Health and Social Care Act 2008 (Regulated Activities) Regulations 2015
The Care Act represents the most significant reform of social care in more than 60 years, putting service user and stakeholders in control of their care and support.
The primary focus of the Health and Social Care Act 2008 was to create a new regulator whose purpose was to provide registration and inspection of health and adult social care services together for the first time, with the aim of ensuring safety and quality of care for service users.
Thus the Care Quality Commission (CQC) was established, with enhanced powers to regulate primary care services, including hospitals, GP practices, Dental practices and Care Homes.
The Health and Social Care Act 2012 made minor changes to the 2008 Act, strengthening the relationship between the CQC and Monitor (the independent regulator of NHS foundation trusts) and the establishment of Healthwatch, the consumer champion for health and social care.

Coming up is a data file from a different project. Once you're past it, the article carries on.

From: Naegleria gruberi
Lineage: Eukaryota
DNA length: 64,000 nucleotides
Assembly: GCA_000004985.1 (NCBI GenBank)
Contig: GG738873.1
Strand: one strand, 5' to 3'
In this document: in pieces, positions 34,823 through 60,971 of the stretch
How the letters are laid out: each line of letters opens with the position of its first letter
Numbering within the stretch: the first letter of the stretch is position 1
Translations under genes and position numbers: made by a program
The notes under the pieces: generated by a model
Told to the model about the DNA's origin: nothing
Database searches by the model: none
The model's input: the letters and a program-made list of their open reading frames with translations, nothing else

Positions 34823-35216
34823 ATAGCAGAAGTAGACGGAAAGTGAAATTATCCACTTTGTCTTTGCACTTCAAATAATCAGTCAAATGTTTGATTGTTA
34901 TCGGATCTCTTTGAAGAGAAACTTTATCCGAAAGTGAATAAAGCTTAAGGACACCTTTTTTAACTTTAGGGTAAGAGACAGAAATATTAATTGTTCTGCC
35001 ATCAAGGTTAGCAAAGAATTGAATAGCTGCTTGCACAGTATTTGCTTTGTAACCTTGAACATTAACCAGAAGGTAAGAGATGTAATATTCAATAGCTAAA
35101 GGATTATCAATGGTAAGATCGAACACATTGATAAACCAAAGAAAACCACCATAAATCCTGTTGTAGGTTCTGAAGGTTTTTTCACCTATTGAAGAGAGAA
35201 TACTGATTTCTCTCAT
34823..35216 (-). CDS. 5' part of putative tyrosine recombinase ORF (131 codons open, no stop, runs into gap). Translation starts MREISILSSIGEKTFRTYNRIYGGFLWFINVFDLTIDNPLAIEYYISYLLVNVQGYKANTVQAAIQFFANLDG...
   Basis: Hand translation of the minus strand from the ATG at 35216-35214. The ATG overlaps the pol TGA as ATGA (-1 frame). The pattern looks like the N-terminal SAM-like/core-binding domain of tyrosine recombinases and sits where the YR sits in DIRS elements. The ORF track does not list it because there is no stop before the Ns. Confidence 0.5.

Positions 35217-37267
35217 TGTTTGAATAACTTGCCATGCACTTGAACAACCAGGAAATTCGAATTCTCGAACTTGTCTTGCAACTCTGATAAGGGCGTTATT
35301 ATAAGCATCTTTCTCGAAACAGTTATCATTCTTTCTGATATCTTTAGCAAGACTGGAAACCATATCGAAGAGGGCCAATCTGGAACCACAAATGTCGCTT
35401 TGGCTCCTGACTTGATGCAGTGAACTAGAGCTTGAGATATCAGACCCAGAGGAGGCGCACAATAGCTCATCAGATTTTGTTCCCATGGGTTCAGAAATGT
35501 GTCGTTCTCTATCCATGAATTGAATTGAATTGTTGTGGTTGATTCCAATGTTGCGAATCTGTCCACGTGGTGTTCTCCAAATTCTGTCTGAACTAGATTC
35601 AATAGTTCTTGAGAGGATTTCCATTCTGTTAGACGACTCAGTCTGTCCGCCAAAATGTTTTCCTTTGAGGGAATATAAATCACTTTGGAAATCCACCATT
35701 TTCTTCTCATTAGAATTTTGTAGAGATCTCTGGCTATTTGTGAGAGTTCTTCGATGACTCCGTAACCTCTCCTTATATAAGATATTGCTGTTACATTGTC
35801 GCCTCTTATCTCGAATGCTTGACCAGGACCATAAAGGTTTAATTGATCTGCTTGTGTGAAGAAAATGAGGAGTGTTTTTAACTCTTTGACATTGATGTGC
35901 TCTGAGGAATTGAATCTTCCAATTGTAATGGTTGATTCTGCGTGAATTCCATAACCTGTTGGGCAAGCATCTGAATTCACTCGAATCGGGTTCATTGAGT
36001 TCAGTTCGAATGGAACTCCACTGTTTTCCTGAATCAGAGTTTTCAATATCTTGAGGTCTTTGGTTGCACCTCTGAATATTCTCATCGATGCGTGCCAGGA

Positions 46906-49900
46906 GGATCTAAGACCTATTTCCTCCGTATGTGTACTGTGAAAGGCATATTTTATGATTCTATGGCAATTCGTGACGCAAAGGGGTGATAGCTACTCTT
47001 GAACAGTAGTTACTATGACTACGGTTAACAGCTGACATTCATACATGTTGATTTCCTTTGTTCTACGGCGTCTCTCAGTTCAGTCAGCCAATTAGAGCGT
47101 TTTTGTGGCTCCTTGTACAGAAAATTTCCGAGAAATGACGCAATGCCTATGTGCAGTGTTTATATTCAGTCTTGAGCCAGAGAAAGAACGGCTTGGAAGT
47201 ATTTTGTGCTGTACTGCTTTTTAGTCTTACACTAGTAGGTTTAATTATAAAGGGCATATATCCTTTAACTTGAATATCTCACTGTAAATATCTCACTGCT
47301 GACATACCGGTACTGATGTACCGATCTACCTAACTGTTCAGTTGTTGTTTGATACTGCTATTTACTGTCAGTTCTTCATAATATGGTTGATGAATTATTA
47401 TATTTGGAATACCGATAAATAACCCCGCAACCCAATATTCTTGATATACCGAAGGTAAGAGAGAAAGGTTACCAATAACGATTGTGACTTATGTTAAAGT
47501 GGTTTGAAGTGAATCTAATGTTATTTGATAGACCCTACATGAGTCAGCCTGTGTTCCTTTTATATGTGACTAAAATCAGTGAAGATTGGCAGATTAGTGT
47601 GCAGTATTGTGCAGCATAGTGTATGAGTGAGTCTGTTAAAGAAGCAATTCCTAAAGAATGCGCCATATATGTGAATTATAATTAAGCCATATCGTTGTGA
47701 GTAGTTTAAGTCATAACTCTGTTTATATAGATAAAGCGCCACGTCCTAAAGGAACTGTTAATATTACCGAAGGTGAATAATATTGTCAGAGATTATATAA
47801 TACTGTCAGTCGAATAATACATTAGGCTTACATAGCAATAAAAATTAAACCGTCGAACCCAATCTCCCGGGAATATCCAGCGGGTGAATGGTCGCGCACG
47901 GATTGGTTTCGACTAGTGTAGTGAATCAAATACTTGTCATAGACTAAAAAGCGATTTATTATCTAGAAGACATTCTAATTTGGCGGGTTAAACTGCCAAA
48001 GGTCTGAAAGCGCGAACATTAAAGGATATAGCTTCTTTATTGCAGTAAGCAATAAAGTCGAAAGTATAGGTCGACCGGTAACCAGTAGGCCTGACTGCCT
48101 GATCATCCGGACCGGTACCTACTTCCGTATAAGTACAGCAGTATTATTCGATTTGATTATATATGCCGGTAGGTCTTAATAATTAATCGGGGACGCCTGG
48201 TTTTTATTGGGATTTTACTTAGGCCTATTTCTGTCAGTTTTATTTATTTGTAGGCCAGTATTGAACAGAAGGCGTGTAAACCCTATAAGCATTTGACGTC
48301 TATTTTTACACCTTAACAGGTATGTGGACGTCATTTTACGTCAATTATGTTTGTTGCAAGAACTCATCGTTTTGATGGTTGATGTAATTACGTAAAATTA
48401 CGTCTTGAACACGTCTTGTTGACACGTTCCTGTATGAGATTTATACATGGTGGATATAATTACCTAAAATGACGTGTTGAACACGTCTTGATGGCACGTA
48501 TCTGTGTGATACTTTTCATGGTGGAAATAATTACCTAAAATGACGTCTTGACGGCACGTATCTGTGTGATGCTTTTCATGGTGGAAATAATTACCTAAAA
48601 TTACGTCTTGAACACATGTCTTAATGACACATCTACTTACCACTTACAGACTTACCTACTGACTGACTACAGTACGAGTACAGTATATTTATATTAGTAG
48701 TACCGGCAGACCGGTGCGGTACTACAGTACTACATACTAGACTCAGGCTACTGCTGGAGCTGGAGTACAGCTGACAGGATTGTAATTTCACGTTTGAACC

Various legislations have come into effect since the 2008 Act was passed, to give greater clarity. First and foremost amongst these is the Health and Social Care Act 2008 (Regulated Activities) Regulations 2010, concentrating on defining the types of services regulated and the activities for which they must be registered to provide.
The Care Act 2014 came into force in early 2015, introducing a statutory framework for safeguarding adults in England. This saw the introduction of the Duty of Candour and Fundamental Standards by which all service providers are now inspected against.
This cohesive approach has led to the Care Quality Commission becoming one of the most powerful regulatory bodies in the UK.